were most apparent early in the process. examination stress can have significant consequences for
Analyses of the production of IL-1/3 in response to wound healing suggests that other everyday stressors may
lipopolysaccharide (LPS) stimulation showed that care- produce similar deficits in wound repair.
givers' peripheral blood leukocytes (PBLs) produced less It is clear that each of the three studies that assessed
than those of controls (Kiecolt-Glaser et al., 1995). IL- the repair of standardized wounds found marked stress-
1/3 produced early after tissue injury can regulate the related reductions in healing, with delays from 24% to 40%.
production, release, and activation of metalloproteinases, Figure 2 shows effect sizes for these studies, using a simple
which are important in the destruction and remodeling correlation as a measure of the relationship between stress
of the wound; IL-1 also regulates fibroblast chemotaxis and two key outcome variables, healing time and production
and production of collagen (Lowry, 1993). Moreover, IL- of IL-1. Unquestionably, the effects are not just statistically
l stimulates production of other cytokines important for significant, but large in a substantive sense. Of interest is
wound healing, including IL-2, IL-6, and IL-8 (Lowry, the fact that the effect sizes for IL-1 and wound heating
1993). Accordingly, these IL-1/3 data provide evidence parallel each other within the two human studies, consistent
of one immunological mechanism that may underlie care- with the importance of early events in the immunological
givers' deficits in wound repair. cascade for subsequent healing (as described earlier, greater
A subsequent study confirmed and extended the data stress is associated with lower IL-1 levels, but correlations
obtained with caregivers. Mice subjected to restraint are shown as positive to simplify the figure). In addition,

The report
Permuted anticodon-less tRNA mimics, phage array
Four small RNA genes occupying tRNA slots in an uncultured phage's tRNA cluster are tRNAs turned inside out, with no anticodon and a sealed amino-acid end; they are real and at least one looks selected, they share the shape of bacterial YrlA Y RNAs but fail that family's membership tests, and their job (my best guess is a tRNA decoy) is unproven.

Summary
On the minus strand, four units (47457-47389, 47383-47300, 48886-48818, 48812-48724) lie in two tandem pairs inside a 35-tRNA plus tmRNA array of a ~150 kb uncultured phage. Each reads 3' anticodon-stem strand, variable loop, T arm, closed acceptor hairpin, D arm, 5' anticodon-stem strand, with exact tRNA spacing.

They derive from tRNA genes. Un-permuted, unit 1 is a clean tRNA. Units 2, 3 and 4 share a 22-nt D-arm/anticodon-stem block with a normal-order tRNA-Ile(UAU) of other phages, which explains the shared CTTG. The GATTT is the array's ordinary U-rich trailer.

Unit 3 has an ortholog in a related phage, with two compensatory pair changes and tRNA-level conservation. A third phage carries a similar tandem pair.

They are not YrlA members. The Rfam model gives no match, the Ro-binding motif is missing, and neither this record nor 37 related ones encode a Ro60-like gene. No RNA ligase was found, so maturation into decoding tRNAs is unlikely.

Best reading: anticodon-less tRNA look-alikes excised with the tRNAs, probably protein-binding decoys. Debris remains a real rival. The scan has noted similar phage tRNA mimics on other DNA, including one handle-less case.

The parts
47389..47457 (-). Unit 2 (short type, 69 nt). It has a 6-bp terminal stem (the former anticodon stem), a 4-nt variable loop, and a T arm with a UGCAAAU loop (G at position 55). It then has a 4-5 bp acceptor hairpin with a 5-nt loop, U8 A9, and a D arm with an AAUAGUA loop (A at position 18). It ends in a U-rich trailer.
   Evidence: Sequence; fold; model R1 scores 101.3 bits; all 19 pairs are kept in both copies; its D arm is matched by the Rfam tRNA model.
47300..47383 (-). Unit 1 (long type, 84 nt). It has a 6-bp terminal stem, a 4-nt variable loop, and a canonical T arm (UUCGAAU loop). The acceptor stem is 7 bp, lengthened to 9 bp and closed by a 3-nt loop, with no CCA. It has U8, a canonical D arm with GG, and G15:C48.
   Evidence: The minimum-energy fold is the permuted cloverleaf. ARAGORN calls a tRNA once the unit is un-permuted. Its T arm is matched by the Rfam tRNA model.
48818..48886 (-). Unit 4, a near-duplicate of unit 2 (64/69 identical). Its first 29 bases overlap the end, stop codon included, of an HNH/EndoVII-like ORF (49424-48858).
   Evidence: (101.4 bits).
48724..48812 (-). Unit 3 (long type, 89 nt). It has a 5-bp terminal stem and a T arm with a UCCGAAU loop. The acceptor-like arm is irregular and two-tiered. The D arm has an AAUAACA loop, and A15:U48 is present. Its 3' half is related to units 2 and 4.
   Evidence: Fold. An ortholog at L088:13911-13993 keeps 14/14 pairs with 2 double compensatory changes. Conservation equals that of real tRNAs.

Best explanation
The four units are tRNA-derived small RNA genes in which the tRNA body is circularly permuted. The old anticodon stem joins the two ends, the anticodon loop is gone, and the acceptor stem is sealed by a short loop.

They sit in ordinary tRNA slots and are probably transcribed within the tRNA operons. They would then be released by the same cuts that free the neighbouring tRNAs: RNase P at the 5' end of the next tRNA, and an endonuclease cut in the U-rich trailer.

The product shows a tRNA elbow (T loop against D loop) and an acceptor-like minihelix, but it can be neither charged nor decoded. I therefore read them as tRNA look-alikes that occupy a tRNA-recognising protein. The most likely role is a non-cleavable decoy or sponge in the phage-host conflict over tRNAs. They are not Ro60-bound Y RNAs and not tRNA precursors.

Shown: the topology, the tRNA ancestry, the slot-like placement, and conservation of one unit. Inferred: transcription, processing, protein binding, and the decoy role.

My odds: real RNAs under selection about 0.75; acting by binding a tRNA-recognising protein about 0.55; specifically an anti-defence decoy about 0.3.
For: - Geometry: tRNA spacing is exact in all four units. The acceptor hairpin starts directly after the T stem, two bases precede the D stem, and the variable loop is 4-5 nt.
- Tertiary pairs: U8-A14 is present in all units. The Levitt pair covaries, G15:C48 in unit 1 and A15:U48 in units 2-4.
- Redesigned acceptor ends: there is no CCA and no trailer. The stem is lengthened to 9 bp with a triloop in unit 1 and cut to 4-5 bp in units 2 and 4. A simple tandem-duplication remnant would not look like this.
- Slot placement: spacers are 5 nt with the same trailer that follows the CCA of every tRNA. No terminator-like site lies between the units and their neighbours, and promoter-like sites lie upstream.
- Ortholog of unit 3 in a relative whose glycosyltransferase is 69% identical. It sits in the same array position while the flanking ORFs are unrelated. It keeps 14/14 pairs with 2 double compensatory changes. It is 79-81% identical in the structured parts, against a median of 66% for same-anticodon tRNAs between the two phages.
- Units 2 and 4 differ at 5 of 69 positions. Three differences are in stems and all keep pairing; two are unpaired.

stress healed a punch biopsy wound an average of 27% the effect sizes for wound healing were largest and almost
more slowly than unstressed mice (Padgett et al., 1998). identical in the two paradigms that afforded the greatest
In addition, analysis of the dermal and epidermal layers control over extraneous influences, that is, the Padgett et
surrounding wounds revealed less cellular infiltration in al. (1998) study in which mice had been randomly assigned
restraint-stressed mice than controls one to three days to treatment groups, and the within-subject design whereby
after wounding. To test the hypothesis that the delayed each student served as his or her own control (Marucha et
wound healing in restrained mice reflected HPA activa- al., 1998). These stress-related deficits in wound repair have
tion, Padgett et al. (1998) assessed serum corticosterone; broad implications for surgical recovery.
levels in the stressed group averaged 162.5 ng/ml, com-
pared with 35.7 ng/ml in the controls. Blocking gluco- Pain: Influences on Neuroendocrine and
corticoid receptors in restraint-stressed animals with Immune Function
RU40555 resulted in healing rates comparabl e to control The impact of painful stress on neuroendocrine and im-
animals. Accordingly, these data provided good evidence mune function has been studied both in laboratory ani-

November 1998 • American Psychologist 1211


The above mentioned findings cannot confirm the
role of pain per se in these neuroendocrine and immune
consequences of painful stress; however, there is evidence
to support such a suggestion. First, several studies have
shown that anesthetic techniques that block transmission
of nociceptive impulses either locally (Pasqualucci et al.,
1994) or at the level of the spinal cord (Koltun et al.,
1996) also significantly reduce neuroendocrine or im-
mune responses affected by surgery. Moreover, when Pas-
qualucci et al. (1994) assessed visual analog scale (VAS)
pain scores, they found that the local anesthetic infiltra-
tion group also exhibited significantly lower pain scores